Bison (Latin) a bison.  Also bison (Greek) a species of wild ox, the hump-back ox, bison.

Bison américain (Buchholtz, 1990)
Amerikanischer Bison (Buchholtz, 1990)

Literature Cited

Buchholtz, C. 1990.  Cattle.  In Grzimek's Encyclopedia of Mammals.  Edited by S. P. Parker.  New York: McGraw-Hill.  Volume 5, pp. 360-417.

Burt, W. H., and R. P. Grossenheider.  1976.  A Field Guide to the Mammals of North America North of Mexico, Third Edition.  A Peterson Field Guide.  Boston: Houghton Mifflin Company

CITES (Convention on the International Trade in Endangered Species of Wild Flora and Fauna).  2003.  Appendix II, as adopted by the Conference of the Parties, valid from 13 February 2003.  Available online at

IUCN ( International Union for Conservation of Nature and Natural Resources). 2002. 2002 IUCN Red List of Threatened Species.  Available online at

Nowak, R. M. [editor]. 1991.  Walker's Mammals of the World (Fifth Edition).  Baltimore: The Johns Hopkins University Press.

Wilson, D. E., and D. M. Reeder [editors]. 1993. Mammal Species of the World (Second Edition). Washington: Smithsonian Institution Press.  Available online at

Additional Resources

Boitani, L., and S. Bartoli.  1982.  Simon & Schuster's Guide to Mammals.  New York: Fireside/Simon & Schuster, Inc.  Entry 387.

Bamforth, D. B.  1987.  Historical documents and bison ecology on the great plains. Plains Anthropologist 32(115): 1-16.

Baskin, Y.  1998.  Home on the range: scientists are scrambling to understand the complexities of brucellosis in Yellowstone's bison. BioScience 48(4): 245-251.

Belue, T. F.  1996.  The Long Hunt: Death of the Buffalo East of the Mississippi. Mechanicsburg, Pennsylvania: Stackpole Books.

Berger, J., and C. Cunningham.  1994.  Bison of the past, present, and future. In Bison: Mating and Conservation in Small Populations.  Edited by M. C. Pearl.  New York, New York: Columbia University Press. pp. 24-41.

Berger, J., and C. Cunningham.  1995.  Multiple bottlenecks, allopatric lineages and Badlands bison (Bos bison): consequences of lineage mixing. Biological Conservation 71(1): 13-23.

Biondini, M. E., A. Steuter, and R. G. Hamilton.  1999.  Bison use of fire-managed remnant prairies. Journal of Range Management 52: 454-461.

Breining, G.  1992.  Back home on the range: bison are stampeding back from the brink of extinction. Nature Conservancy, November/December 10-15.

Campbell, C., I. D. Campbell, C. B. Blyth, and J. H. McAndrews.  1994.  Bison extirpation may have caused aspen expansion in western Canada. Ecography 17(4): 360-362.

Carbyn, L. N., Lunn, and K. Timoney.  1998.  Trends in the distribution and abundance of bison in Wood Buffalo National Park. Wildlife Society Bulletin 26(3): 463-470.

Danz, H. P.  1997.  Of Bison and Man. Niowot, Colorado: University Press of Colorado.

Daubenmire, R.  1985. The western limits of the range of the American bison. Ecology 66(2): 622-624.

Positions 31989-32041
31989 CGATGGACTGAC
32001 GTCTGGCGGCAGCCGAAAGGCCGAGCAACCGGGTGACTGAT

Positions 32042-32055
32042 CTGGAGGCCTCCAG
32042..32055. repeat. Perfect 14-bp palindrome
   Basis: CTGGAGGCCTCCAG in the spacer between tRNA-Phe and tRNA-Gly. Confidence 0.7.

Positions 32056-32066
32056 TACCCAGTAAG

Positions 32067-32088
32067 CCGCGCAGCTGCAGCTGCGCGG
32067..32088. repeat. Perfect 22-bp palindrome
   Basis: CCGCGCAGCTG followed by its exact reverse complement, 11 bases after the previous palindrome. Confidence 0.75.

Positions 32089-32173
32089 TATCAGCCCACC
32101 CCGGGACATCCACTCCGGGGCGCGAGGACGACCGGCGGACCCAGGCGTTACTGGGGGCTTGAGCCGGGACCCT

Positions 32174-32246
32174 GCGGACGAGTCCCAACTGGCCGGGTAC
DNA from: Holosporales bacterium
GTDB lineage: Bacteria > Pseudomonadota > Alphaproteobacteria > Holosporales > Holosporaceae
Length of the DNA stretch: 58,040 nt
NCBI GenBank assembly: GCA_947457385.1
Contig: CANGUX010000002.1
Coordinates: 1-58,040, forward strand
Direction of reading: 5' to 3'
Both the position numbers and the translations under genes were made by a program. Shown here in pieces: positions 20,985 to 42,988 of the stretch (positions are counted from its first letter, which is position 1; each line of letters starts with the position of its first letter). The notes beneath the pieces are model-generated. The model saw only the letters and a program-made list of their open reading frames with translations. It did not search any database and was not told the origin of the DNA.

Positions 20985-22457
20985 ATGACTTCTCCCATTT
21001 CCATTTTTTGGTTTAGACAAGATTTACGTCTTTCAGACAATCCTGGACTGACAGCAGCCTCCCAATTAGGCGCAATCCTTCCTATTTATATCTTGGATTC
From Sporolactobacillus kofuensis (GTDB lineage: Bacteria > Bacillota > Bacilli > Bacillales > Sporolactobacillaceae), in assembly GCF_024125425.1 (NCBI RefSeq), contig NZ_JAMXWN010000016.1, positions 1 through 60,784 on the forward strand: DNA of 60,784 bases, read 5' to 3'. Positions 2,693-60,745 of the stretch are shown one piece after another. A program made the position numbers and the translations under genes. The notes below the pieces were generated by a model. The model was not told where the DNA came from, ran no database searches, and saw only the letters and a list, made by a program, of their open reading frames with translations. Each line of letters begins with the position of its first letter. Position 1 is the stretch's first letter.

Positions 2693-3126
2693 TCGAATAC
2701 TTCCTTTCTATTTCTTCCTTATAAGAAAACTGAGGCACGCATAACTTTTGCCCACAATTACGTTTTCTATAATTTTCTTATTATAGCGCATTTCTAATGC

Foster, J. E.  1992.  The metis and the end of the plains buffalo in Alberta.  In Buffalo.  Edited by J. E. Foster, D. Harrison, and I. S. MacLaren. Edmonton, Alberta: University of Alberta Press. pp. 61-77.

Gates, C., T. Chowns, and H. Reynolds.  1992.  Wood buffalo at the crossroads.  In Buffalo.  Edited by J. E. Foster, D. Harrison, and I. S. MacLaren. Edmonton, Alberta: University of Alberta Press.  pp. 139-165.

Geist, V.  1996.  Buffalo nation: History and legend of the North American bison. Stillwater, Minnesota: Voyageur Press.

Keiter, R. B.  1997.  Greater Yellowstone's bison: unraveling of an early American wildlife conservation achievement. Journal of Wildlife Management 61(1): 1-11.

Krumbiegel, I., and G. G. Sehm.  1989.  The geographic variability of the plains bison. A reconstruction using the earliest European illustrations of both subspecies. Archives of Natural History 16(2): 169-190.

Larter, N. C., and C. C. Gates.  1994.  Home-range size of wood bison: effects of age, sex, and forage availability. Journal of Mammology 75(1): 142-149.

McCormack, P. A.  1992.  The political economy of bison management in Wood Buffalo National Park. Arctic 45(4): 367-380.

Meagher, M.  1989.  Range expansion by bison of Yellowstone National Park. Journal of Mammology 70(3): 670-675.

Melton, D., N. Larter, C. Gates, and J. Virgl.  1989.  The influence of rut and environmental factors on the behaviour of wood bison. Acta Theriologica 34(12): 179-193.

Nudds, T. D.  1993.  How many bison, Bison bison, should be in Wood Buffalo National Park? Canadian Field Naturalist 107(1): 117-119.

Reeves, B. O. K.  1983.  Six millenniums of buffalo kills. Scientific American 249(4): 120-135.

Reynolds, H.  1982.  An endangered species program brings wood bison to Nahanni. Zoonooz 55(7): 4-8.

Shaw, J. H.  1995.  How many bison originally populated western rangelands? Rangelands 17(5): 148-150.

Van Camp, J.  1989. A surviving herd of endangered wood bison at Hook Lake, N.W.T.? Arctic 42(4): 314-322.

Van Vuren, D.  1987.  Bison west of the Rocky Mountains: an alternative explanation. Northwest Science 61(2): 65-69.

Van Vuren, D., and M. P. Bray.  1985.  The recent geographic distribution of Bison in Oregon. The Murrelet 66(2) 56-58.

Wolfe, M. L., and J. F. Kimball.  1989.  Comparison of bison population estimates with a total count. Journal of Wildlife Managemen, 53(3): 593-596.

Wolfe, M. L., M. P. Shipka, and J. F. Kimball.  1999.  Reproductive ecology of bison on Antelope Island, Utah. Great Basin Naturalist 59(2): 105-111.

Wolff, J. O.  1998.  Breeding strategies, mate choice, and reproductive success in American bison. Oikos 83: 529-544.